10. I think i saw you exiting there yesterday Zenali, you were just turning on to Albert Rd (i'm assuming black Trumpy from your pic) and i was at the lights waiting to turn into Clarendon St (silver Fireblade) and we exchanged nods.
  11. Ratty, you naughty, bitchy Agent Provocateur !
    Indeed, I too have been a chortling observer of skill deficient riders, their toddler like rider antics not only demonstrated during inclement weather, but during sunny gorgeous butterfly days as well.
    My goodness, some of these lads and ladettes when stationary cannot even turn the handlebars without dropping their resplendent machinery of joy.
    Let us hope they do not come a cropper !
  12. Sweetie, I have a growing admiration for the intellectual property of this site as well as the proactive nature of the "Learners Program".

    Sugarplums, I am not gifted with natural talent, but have honed my skills at the track - it's an interpretive perception on one's own capabilities, I have run out of talent at Honda on more than one occasion......
  13. might want to remember, that some of us only have themselves and video's and threads to learn from, which are next to shit in comparison to tutoring from experienced riders... not saying i brake mid turn, but i'm certainly not skilled in the twisty areas.
  14. Listen to what experienced riders tell you, It may mean jackshit at the time to you, But it will be in your head when the moment comes and you need it, It may save your skin,
    Riding slowly through the twisties will give you more than experience, It will teach you to ride, Speed will come automatically as your confidence grows and your riding ability improves,
    Ride at your pace, And dont be egged on by clowns, it will get you into trouble.
  15. Yep - that was me. There was another Trumpy doing the rounds, but they had gone before then, and from memory it was a red Speed Triple.

    It is a nice way to make a 2 block trip to the servo into a bit of a ride. :)
  16. I am not a Fairweather rider, but I dont often get to go to the twisties.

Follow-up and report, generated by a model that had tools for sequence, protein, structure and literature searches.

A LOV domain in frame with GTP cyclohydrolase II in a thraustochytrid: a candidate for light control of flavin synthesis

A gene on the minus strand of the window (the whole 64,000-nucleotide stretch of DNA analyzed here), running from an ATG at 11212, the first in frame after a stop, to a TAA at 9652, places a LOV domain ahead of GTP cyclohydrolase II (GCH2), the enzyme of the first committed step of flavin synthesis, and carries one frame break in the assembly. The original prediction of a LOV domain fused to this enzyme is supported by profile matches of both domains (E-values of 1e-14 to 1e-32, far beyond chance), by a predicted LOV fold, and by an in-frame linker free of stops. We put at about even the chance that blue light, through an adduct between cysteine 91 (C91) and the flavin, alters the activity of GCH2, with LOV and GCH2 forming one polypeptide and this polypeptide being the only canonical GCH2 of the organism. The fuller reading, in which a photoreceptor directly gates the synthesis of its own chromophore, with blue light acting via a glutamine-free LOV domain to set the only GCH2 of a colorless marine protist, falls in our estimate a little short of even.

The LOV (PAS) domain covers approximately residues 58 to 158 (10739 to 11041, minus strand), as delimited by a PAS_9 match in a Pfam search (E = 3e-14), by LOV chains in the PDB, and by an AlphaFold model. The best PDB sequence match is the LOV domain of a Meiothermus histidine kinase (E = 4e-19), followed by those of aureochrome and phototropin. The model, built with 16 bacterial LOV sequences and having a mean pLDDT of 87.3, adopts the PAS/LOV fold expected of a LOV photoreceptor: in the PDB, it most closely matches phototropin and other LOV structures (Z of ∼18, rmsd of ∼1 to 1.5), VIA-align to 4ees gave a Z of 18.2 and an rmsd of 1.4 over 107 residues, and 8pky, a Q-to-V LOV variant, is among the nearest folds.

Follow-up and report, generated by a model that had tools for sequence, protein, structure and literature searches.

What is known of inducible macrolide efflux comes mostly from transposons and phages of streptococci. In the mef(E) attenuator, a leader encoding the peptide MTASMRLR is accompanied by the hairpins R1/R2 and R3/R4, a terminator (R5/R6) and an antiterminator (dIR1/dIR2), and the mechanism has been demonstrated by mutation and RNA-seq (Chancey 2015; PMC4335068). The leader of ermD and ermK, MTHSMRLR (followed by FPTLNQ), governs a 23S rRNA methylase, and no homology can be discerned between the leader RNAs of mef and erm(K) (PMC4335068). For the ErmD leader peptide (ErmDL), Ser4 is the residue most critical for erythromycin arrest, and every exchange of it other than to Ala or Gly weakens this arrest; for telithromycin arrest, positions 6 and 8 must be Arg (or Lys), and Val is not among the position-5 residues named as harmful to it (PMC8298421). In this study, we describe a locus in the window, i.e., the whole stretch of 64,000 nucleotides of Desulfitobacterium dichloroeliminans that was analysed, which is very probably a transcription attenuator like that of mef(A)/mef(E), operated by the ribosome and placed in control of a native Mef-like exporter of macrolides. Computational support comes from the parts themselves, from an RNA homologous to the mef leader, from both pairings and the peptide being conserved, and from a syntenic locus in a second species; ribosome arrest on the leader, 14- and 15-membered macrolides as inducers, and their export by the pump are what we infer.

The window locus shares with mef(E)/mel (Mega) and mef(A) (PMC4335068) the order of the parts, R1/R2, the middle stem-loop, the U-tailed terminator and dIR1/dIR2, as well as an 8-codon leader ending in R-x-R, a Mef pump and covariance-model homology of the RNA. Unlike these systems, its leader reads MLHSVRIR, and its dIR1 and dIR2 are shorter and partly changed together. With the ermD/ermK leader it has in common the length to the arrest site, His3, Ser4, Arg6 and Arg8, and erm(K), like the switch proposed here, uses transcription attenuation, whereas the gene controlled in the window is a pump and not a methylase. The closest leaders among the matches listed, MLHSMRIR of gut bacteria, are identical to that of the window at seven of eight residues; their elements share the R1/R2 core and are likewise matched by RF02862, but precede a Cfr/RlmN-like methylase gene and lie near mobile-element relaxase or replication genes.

I was coming back to Melb from sale and hit up the Willow Grove Rd to Yarra Junction, I made a number of mistakes on not looking at the right exit point.

    I guess my point is if you dont practice, getting out of practice and be very bad as well. Lucky for me I am not a fast rider and could correct my self before something bad did happen.
  17. "Sweetie, sugarplums" is rattus...???
  18. 8,000+ km during the past 4mths...in NOT-so fair, Melbourne freezing weather : Hmmm, weather-wise, I can guarantee I'm not one of these !

    You are so right though, thefloppy1 - riding in a straight line is easy. Increasing ones skills through more technical riding/manoeuvres does require constant revisiting and adjusting, ultimately leading to improved ability, confidence and overall safety.
    Practice (and the right technique) leads to perfect.
  19. There are a lot of people out there whose skills are more than a little dubious. I think the worst efforts I ever saw were those of a guy on a Moto Guzzi Sport going down the east coast of Tasmania.

    There were four of us in a rented Mitsubishi Lancer, and we sat behind him for about fifty kilometres wondering when he was either going to either come off or hit someone coming the other way. It was the usual blast along the straights and then brake inappropriately at each corner.
  20. If you don't use it, you loose it. Applies to every skill you learn.